Nord Stream 2: Can LNG Replace Natural Gas Pipelines in Europe?

 


INSIGHT


  • NORDSTREAM IS AT THE CENTER OF THE CURRENT ENERGY DEBATE IN EUROPE. AT PRESENT, THERE ARE DIFFERENT VIEWS ON THE NECESSITY OF NORSTREAM 2 AND TO WHAT EXTENT NORSTREAM CONTRIBUTES TO THE ENERGY SECURITY OF GERMANY AND EUROPE.
  • FEW ALTERNATIVES FOR ENERGY CONSUMPTION EXIST IN CENTRAL EUROPE AND GERMANY. THIS IS BECAUSE THE CENTRAL EUROPEAN REGION HAS VERY FEW DOMESTIC ENERGY RESERVES. ONLY LIGNITE AND SOME HARD COAL ARE EXTRACTABLE. URANIUM AND LITHIUM ARE AVAILABLE IN SMALL AMOUNTS.
  • WESTERN EUROPE CAN RELY ON LNG, WHICH IS IMPORTED FROM THE USA AND THE MIDDLE EAST. WHILE THIS REMAINS AN OPTION FOR THE CENTRAL EUROPEAN REGION, IT CANNOT FULLY MEET LOCAL ENERGY NEEDS. THE ABANDONMENT OF NORD STREAM 2 MAY UNDERMINE GRID STABILITY WITHIN GERMANY.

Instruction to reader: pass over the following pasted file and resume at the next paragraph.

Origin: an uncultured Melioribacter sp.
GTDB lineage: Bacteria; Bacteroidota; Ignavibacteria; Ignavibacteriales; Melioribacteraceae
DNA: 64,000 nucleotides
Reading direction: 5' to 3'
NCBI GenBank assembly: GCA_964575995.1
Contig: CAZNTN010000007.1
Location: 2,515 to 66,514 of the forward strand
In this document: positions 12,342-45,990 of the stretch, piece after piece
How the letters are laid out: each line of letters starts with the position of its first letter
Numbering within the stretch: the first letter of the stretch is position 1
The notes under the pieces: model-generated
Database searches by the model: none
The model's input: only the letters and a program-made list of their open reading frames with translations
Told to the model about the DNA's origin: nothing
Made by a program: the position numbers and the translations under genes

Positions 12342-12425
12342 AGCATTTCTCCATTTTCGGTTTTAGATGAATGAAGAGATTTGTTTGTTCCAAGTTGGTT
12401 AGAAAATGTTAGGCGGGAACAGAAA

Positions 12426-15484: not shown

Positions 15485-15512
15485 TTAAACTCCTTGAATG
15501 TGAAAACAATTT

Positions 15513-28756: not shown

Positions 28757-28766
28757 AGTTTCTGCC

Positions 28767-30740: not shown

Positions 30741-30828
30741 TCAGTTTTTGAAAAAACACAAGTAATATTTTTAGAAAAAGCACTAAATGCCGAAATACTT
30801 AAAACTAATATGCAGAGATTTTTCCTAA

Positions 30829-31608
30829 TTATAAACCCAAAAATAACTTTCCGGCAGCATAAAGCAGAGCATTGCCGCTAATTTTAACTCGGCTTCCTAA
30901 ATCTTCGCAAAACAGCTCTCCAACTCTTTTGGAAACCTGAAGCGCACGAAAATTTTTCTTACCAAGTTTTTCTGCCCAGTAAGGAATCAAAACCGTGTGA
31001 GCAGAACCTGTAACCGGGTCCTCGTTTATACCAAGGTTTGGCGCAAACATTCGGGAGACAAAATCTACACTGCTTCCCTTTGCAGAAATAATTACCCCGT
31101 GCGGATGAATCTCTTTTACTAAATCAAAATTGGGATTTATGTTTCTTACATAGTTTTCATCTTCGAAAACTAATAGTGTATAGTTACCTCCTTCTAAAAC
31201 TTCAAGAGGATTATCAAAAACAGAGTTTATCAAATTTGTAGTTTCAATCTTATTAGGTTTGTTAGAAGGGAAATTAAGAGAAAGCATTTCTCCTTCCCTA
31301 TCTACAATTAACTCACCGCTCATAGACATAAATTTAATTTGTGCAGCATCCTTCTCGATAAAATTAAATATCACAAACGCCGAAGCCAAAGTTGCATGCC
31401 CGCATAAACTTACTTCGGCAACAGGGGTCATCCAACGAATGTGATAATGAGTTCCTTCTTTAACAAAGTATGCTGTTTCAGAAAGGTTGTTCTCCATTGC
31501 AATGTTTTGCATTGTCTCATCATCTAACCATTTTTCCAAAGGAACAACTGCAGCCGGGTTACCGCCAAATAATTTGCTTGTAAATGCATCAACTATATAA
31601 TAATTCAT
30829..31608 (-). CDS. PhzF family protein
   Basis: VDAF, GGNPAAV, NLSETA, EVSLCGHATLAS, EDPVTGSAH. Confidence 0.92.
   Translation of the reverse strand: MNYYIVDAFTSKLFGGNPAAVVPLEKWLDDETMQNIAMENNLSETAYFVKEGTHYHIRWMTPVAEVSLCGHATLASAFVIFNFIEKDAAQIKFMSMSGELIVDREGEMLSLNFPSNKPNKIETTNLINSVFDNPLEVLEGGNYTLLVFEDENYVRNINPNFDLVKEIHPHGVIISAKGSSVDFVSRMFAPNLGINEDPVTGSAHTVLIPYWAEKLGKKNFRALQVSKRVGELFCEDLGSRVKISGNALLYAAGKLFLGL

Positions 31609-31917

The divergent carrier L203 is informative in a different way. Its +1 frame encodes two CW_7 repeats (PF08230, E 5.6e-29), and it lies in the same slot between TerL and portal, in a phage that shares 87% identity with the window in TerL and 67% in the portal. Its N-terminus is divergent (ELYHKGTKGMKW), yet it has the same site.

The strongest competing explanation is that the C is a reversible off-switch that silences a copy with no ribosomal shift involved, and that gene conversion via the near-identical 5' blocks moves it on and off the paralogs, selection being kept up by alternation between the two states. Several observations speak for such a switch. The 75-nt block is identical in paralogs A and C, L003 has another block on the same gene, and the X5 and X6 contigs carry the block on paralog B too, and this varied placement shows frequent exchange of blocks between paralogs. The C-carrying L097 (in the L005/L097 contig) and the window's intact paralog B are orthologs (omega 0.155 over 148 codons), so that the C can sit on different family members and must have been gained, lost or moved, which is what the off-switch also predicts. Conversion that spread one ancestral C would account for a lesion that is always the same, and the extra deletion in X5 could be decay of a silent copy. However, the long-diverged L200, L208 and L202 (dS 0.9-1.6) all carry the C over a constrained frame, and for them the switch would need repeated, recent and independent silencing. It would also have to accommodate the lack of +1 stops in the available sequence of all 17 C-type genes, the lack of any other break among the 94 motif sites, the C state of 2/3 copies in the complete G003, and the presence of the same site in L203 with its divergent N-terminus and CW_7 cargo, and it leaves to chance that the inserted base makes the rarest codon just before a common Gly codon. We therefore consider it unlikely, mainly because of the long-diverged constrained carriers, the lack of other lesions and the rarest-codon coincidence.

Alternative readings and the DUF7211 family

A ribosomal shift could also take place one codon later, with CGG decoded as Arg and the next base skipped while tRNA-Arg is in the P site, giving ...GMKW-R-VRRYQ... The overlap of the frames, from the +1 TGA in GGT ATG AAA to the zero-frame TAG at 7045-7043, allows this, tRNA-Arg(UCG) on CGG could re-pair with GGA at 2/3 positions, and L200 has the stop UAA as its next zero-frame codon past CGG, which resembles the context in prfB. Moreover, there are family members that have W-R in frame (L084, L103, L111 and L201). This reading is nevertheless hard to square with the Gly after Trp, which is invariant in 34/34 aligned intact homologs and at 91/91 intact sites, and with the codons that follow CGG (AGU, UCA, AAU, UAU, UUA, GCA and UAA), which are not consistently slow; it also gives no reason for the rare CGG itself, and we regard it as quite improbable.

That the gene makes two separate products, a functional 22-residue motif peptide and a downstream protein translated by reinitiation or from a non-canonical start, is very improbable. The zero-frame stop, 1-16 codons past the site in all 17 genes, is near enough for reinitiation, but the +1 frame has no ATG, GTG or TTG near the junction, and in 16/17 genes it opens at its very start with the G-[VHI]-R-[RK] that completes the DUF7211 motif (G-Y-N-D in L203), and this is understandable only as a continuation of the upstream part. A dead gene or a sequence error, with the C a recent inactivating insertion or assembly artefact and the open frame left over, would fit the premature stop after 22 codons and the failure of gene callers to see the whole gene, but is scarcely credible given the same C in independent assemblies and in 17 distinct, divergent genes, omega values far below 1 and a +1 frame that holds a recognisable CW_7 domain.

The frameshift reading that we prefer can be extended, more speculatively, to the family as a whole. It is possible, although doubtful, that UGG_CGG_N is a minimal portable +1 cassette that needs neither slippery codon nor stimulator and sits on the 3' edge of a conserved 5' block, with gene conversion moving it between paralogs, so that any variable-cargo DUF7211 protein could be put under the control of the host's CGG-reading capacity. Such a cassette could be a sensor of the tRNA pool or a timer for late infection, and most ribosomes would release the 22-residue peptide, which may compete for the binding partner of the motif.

1. How to run the supply chain for LNG shipments: Potential pitfalls and long-term cost benefits.


Nevertheless, we should not forget that other countries in the Central European region also need energy supplies in the form of natural gas. Many of these countries, such as the Czech Republic, Hungary, and Austria, are cut off from LNG trade by LNG terminals that would have allowed them to trade LNG internationally with gas-exporting nations, as nations in Western Europe currently do. To some extent, they are also dependent on the energy policies of their neighbor. In this case, Germany influences the energy security of other nations in the Central European region. Germany is weighing different interests and trying to find a balance that works both at home and for nations in the Central European region. To achieve this, a special focus has been placed on LNG supplies.